Five Beer Articles You Need To Read And Why, 10/21/15

Finally, the run of merger stories is beginning to abate.  We can move on to things that will have a direct effect on whether you will be able to enjoy your favorite craft beer.

Five Beer Articles You Need To Read And Why, 9/29/15

The US craft beer world is still recovering from the GABF as the final “local brewery does good” articles are published.  Here are today’s Five Articles. I apologize in advance.  I am in a foul mood today and you will be able to tell when you read some of the bullets.  I’m usually more circumspect in my criticism of bad writing.

Five Beer Articles You Need To Read And Why, 9/28/15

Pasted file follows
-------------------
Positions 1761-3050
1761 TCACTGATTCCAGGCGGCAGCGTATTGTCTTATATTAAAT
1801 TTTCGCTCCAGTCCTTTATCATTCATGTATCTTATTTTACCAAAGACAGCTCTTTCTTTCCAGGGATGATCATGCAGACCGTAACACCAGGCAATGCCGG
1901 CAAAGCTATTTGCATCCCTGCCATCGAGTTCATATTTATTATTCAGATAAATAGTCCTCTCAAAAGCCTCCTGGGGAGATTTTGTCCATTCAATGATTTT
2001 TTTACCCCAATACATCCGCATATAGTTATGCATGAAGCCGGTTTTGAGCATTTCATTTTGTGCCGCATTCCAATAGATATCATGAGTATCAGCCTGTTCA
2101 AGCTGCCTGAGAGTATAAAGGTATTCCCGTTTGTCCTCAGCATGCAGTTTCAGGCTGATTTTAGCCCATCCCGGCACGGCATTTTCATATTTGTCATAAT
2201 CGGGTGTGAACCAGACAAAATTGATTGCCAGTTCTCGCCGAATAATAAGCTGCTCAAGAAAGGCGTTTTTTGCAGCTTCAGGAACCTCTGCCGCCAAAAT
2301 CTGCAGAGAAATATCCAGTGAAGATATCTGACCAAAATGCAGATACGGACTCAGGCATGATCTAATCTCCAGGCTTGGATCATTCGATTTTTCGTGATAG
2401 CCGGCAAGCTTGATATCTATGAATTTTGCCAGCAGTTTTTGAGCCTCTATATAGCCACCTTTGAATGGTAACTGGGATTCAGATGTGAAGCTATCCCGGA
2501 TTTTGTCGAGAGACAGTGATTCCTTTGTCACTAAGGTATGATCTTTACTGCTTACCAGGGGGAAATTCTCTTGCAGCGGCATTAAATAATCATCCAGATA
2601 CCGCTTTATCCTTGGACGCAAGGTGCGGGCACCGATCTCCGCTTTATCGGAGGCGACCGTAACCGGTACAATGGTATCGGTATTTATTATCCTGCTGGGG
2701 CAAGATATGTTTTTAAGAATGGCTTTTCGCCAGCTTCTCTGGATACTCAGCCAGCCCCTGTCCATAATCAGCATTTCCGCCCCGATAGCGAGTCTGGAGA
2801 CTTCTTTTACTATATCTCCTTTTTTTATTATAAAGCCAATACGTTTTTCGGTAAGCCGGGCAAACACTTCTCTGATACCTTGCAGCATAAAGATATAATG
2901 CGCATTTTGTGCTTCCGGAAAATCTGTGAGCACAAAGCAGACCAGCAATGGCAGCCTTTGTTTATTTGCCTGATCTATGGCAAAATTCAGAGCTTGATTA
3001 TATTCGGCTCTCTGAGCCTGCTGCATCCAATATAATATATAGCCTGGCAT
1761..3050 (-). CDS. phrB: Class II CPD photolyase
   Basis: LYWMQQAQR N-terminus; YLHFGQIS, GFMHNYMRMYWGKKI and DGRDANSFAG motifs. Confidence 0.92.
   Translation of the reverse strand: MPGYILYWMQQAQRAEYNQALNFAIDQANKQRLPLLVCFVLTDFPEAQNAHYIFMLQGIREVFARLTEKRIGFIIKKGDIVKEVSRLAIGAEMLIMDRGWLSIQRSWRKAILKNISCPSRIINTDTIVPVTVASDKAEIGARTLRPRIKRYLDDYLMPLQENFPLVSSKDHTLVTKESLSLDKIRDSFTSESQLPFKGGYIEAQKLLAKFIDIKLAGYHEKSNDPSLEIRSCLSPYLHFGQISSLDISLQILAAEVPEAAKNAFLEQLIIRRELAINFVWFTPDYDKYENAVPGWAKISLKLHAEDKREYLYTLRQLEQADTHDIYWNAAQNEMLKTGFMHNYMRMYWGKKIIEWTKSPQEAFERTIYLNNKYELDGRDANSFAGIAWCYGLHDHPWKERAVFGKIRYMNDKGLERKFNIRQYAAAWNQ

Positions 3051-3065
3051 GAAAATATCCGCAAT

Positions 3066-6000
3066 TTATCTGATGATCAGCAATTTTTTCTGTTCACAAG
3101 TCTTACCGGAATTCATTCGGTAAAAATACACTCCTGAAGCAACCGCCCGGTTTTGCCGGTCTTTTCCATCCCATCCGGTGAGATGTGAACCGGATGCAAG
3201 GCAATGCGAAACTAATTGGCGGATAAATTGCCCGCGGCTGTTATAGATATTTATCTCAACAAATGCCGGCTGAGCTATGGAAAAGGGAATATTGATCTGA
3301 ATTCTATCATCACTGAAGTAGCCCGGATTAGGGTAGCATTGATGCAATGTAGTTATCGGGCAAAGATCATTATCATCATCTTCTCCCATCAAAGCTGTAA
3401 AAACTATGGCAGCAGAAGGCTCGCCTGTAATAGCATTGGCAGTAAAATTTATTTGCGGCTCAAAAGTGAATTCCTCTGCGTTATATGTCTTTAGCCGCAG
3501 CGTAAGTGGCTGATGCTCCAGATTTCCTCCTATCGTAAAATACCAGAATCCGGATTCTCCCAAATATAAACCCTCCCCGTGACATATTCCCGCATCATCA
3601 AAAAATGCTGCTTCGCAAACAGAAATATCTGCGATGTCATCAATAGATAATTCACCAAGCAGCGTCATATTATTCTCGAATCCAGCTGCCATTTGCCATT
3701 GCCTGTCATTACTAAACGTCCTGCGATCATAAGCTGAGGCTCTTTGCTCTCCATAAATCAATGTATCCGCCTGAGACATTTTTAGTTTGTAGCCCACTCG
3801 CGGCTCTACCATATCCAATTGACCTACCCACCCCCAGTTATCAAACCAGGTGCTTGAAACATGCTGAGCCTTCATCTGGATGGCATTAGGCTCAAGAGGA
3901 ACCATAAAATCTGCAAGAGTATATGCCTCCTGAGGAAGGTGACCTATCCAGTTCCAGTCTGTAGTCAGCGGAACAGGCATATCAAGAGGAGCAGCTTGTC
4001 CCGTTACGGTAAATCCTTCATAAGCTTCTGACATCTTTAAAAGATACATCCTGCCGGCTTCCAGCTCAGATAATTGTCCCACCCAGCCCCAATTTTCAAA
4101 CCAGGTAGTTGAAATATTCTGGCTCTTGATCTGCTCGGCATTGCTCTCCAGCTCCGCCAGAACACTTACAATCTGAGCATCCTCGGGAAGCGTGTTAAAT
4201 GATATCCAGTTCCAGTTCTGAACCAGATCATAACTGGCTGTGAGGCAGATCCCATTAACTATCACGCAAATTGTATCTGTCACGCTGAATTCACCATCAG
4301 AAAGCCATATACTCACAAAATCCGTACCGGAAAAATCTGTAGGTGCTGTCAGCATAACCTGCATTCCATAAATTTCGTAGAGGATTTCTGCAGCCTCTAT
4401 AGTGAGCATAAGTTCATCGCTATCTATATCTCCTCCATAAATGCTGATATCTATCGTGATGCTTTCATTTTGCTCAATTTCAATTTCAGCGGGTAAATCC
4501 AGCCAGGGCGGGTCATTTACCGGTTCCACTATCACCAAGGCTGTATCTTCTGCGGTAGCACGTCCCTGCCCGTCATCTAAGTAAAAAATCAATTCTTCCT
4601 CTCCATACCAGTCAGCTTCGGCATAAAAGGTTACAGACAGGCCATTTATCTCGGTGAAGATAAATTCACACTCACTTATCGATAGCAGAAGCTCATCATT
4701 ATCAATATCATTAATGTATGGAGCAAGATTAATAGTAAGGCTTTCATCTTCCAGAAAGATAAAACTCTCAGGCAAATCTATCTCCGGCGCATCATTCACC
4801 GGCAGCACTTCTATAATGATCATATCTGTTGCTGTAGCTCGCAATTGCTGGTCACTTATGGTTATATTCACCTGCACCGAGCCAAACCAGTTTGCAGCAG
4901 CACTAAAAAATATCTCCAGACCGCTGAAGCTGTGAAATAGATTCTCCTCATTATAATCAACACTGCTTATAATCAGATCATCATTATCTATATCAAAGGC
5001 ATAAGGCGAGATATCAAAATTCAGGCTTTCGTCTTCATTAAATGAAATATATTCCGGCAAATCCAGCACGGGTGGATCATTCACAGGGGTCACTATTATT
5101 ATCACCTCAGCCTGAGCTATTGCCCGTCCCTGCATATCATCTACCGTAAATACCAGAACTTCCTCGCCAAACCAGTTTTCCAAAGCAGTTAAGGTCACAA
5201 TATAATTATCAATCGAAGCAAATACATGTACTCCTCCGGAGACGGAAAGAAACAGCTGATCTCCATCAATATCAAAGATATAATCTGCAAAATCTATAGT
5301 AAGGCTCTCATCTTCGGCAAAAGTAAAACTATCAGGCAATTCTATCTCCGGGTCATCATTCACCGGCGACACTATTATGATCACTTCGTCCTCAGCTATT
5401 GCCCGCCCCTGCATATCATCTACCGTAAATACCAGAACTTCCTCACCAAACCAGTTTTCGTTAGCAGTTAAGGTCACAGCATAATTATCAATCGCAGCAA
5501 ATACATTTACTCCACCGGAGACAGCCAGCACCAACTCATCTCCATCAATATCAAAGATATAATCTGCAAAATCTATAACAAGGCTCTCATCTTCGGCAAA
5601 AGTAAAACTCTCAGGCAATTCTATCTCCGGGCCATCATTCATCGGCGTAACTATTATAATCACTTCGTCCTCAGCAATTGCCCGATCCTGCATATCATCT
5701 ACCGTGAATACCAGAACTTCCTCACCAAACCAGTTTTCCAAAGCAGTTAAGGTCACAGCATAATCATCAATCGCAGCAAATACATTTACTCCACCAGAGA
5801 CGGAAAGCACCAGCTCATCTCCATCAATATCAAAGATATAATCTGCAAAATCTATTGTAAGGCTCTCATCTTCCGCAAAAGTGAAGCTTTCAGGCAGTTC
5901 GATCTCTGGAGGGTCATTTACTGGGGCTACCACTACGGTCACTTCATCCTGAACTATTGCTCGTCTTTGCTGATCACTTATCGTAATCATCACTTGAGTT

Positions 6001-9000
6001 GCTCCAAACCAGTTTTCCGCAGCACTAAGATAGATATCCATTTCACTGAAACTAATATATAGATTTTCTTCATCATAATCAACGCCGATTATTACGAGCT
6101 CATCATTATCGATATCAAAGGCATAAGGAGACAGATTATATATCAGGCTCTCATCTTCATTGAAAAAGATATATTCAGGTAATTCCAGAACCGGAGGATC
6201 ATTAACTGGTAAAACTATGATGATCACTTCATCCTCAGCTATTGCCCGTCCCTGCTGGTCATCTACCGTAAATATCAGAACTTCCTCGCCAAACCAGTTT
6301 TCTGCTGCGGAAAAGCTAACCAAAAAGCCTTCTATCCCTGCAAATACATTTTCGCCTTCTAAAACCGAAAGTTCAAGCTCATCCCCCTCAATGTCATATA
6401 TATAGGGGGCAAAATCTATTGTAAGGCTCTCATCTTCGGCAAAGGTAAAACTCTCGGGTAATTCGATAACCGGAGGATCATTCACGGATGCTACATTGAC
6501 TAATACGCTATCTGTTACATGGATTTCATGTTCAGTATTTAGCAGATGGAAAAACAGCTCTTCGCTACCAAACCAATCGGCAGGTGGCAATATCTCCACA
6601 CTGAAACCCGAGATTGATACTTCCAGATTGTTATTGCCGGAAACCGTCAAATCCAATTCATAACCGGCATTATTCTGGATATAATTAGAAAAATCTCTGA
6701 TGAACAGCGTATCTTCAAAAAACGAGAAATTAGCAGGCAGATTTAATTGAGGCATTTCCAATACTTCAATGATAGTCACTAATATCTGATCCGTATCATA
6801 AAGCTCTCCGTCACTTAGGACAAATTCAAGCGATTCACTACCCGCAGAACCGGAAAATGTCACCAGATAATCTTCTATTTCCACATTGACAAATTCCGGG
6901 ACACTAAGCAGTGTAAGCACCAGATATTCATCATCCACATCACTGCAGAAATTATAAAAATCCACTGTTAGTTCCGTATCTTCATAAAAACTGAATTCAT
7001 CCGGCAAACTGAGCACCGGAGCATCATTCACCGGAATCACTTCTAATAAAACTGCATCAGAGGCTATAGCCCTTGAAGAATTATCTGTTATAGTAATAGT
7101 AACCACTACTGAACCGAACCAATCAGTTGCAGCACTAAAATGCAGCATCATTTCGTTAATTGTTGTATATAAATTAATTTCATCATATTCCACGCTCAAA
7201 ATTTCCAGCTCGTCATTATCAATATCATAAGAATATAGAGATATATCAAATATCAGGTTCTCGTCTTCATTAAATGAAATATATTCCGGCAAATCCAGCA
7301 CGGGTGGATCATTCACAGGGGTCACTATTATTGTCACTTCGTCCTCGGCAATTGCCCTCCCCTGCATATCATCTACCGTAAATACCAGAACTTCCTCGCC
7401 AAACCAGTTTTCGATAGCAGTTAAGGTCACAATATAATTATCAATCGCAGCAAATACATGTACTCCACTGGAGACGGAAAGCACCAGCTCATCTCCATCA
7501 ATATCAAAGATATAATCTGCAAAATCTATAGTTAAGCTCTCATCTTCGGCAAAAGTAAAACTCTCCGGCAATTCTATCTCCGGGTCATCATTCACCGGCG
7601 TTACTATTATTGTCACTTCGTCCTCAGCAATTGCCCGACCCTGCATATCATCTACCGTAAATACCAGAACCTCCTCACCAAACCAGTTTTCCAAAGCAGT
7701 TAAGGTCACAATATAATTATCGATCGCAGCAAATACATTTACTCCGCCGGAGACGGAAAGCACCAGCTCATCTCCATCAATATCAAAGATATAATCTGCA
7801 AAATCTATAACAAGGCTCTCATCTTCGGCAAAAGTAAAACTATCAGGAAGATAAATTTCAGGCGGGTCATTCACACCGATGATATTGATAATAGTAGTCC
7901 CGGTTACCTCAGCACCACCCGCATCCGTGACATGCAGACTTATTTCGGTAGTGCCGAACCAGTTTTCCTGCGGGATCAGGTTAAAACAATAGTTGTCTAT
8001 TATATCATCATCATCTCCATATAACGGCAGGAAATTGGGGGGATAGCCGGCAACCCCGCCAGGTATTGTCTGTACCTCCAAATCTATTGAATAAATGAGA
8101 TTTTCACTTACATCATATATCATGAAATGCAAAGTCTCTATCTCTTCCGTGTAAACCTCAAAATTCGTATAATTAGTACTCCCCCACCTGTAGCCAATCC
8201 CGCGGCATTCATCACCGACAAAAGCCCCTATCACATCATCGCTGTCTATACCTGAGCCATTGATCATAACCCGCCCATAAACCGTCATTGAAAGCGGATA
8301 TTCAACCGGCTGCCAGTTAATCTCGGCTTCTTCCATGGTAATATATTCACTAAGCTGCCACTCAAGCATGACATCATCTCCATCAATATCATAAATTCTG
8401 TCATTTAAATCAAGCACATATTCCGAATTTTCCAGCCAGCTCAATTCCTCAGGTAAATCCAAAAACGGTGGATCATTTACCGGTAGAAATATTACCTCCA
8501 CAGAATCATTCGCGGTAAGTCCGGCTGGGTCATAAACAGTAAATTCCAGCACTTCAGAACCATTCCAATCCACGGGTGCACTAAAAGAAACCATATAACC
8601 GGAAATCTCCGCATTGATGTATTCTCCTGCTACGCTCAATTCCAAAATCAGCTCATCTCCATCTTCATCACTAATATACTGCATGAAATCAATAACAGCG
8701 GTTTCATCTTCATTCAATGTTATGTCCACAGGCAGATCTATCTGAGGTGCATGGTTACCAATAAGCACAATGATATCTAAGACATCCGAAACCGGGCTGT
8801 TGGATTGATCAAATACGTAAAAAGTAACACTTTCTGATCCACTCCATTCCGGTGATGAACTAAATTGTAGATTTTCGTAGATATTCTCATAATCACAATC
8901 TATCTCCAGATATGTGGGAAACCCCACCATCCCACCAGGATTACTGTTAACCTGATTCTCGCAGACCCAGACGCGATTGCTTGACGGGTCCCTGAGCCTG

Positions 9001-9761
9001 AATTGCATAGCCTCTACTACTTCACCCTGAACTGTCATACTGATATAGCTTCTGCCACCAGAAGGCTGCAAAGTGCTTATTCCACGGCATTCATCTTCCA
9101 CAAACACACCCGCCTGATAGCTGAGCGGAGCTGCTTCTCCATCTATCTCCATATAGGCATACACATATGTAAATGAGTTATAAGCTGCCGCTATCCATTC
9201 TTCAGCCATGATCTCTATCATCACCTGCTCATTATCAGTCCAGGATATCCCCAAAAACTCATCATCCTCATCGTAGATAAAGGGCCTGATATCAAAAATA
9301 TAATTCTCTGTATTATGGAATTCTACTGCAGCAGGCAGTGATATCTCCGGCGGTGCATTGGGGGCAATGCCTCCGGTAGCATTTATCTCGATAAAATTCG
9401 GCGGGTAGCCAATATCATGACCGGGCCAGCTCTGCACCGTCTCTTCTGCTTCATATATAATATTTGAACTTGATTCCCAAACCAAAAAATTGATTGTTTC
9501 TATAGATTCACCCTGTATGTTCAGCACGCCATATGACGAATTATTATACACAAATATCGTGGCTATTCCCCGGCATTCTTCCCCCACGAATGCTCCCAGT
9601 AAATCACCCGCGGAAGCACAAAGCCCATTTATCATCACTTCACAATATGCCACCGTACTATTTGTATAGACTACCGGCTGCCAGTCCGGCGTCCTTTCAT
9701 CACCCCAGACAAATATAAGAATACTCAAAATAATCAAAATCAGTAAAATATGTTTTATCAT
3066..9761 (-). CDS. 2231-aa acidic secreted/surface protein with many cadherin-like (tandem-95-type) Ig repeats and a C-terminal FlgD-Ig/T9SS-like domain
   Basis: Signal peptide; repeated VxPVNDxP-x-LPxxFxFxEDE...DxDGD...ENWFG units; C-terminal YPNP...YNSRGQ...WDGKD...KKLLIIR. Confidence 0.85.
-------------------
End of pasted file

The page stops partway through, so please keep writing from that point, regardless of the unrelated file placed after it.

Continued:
Good morning.  You remember me?  I have a beer blog.  It has been a minute, but I’m back.  I don’t plan on taking another extended break like that again.  What are the Five Articles about today?  What do you think?  The Great American Beer Festival.  I missed this year’s event, but I will be in Denver next year.  Here are a few different perspectives on the event and what it means coming at you.

Five Beer Articles You Need To Read And Why, 9/16/15

I took time off yesterday. It was my birthday.  Unlike previous birthdays for like the last 10 years, there wasn’t a lot of existential navel-gazing. For the first time in a very long time, I am content where I am in life.  So, it was spent figuring out how to restructure my day to get all my writing and work done.  Anyway, here are the Five Articles.